In this latest incarnation of the nomadic Scaffold Gallery, nine artists responded to a paradoxical brief challenging them to create works void of any subject, content or meaning. Their responses varied in subject, content and meaning.
Most of the work seemed to blend very well into the white cube of the gallery itself, almost as if trying to avoid detection and interpretation. But what would this interpretation be? Are we to imagine that the artworks discuss nothing or rather that they don’t discuss anything?
Of course the interesting thing about this exhibition is this: if the works were to successfully meet the criterion then the whole thing would be a conceptual artwork and there would be no need to actually attend. The works themselves would be totally uninteresting except perhaps for the wonder of their very existence as it appears that the only occasion it is impossible to make completely empty, meaningless art is when one is earnestly trying to do so.
That is to say, any work of art which sets out to be meaningless is automatically shrouded in signification. Deliberate references are made to a lack of meaning, the work contains visual signs pointing to a lack of content and so on. This is the nature of the paradox which underpins Empty Vessels.
Exemplary of this is Martha Shaw’s ‘CaCO₃’ (2018). A blackboard which is not only blank but totally devoid of chalk residue as a pile of white chalk dust sits on the floor in front of it. It may take a moment to register these two objects as a single piece (taken as separate pieces they could perhaps even fulfil the criterion) but their relationship soon becomes apparent, and an interpretation arises. It appears that everything ever written on this chalk board, every little mark along with all the subject, content and meaning has been not only erased but somehow removed from the board. It is almost as if time has been turned backwards for this object but instead of the pure potentiality of neatly stacked chalks, we are faced with the pure nihilism of a pile of dust. The infinite variety of meanings which could have been contained within this chalk vanishes in the pile. History has been undone but it is not waiting to start again. In fact, I think it would be fair to say that this is the most apocalyptic work of art I have ever encountered.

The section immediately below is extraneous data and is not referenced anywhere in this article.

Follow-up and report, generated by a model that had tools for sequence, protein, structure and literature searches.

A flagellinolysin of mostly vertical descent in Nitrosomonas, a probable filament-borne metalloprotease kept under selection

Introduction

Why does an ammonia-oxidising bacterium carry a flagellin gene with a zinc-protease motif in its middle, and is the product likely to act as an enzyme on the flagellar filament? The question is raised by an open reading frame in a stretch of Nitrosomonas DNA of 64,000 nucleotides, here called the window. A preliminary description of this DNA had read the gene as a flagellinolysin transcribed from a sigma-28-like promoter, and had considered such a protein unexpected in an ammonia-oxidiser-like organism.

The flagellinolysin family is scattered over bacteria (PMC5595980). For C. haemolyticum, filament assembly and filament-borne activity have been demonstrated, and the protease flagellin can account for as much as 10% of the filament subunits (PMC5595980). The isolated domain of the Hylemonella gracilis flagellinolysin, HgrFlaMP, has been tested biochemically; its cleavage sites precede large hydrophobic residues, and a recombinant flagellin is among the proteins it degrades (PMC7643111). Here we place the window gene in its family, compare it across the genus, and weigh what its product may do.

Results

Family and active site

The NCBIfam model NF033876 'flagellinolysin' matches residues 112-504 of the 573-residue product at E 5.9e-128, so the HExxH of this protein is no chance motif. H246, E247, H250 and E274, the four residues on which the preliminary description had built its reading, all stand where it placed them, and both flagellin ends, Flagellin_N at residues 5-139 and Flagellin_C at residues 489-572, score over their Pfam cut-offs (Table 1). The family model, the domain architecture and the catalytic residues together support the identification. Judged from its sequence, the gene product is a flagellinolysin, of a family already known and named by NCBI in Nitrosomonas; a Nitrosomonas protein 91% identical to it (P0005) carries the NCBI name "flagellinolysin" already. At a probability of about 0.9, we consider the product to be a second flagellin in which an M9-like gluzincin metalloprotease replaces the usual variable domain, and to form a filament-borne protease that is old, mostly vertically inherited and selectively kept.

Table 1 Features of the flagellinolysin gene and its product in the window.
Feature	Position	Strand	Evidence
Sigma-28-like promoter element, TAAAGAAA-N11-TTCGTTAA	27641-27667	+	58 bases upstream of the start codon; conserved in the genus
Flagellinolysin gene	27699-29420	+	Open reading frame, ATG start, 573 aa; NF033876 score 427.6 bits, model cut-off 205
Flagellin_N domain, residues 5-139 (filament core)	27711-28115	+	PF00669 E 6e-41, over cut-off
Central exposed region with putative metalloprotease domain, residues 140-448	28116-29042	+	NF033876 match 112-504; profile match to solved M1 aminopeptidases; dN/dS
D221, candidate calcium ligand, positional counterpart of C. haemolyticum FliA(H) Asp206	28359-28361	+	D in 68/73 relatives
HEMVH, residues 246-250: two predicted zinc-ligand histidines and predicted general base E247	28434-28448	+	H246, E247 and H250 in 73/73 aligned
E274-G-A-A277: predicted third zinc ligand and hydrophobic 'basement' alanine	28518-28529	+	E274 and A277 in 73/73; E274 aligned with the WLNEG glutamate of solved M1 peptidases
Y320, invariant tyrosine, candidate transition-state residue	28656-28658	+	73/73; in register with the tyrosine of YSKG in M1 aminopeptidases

Evaluating the other works in the show I begin to wonder whether the meanings I’m reading are not, in reality, just flying around my head waiting for a blank space on which to inscribe themselves. But are these works really blank spaces? Can they really be ‘empty vessels’? Any work of art truly devoid of subject, content and meaning would allow a unique kind of space for the viewer’s own thoughts and preoccupations to reveal themselves whilst eliminating the option to blame them on the art. And to an extent this is the overall effect of Empty Vessels but it must be stated that no work of art is ever a hundred percent void of meaning. Each piece in the show has an influence on the viewer’s thought process. However subtle that may be.
With this in mind, Empty Vessels is probably best understood as a kind of conceptual artwork partially comprised of non-conceptual artworks. An artistic experiment with the covert hypothesis that we, as humans, are incapable of creating anything totally void of meaning or signification. In any case the exhibition is a witty and highly intriguing exploration of both the artists’ and the viewer’s relationship to meaning and content.
Empty Vessels, Bankley Studios and Gallery, Manchester.
3, 4, 5, 11 August 2018.
Robbie di Vito is an artist and writer based in Lancashire.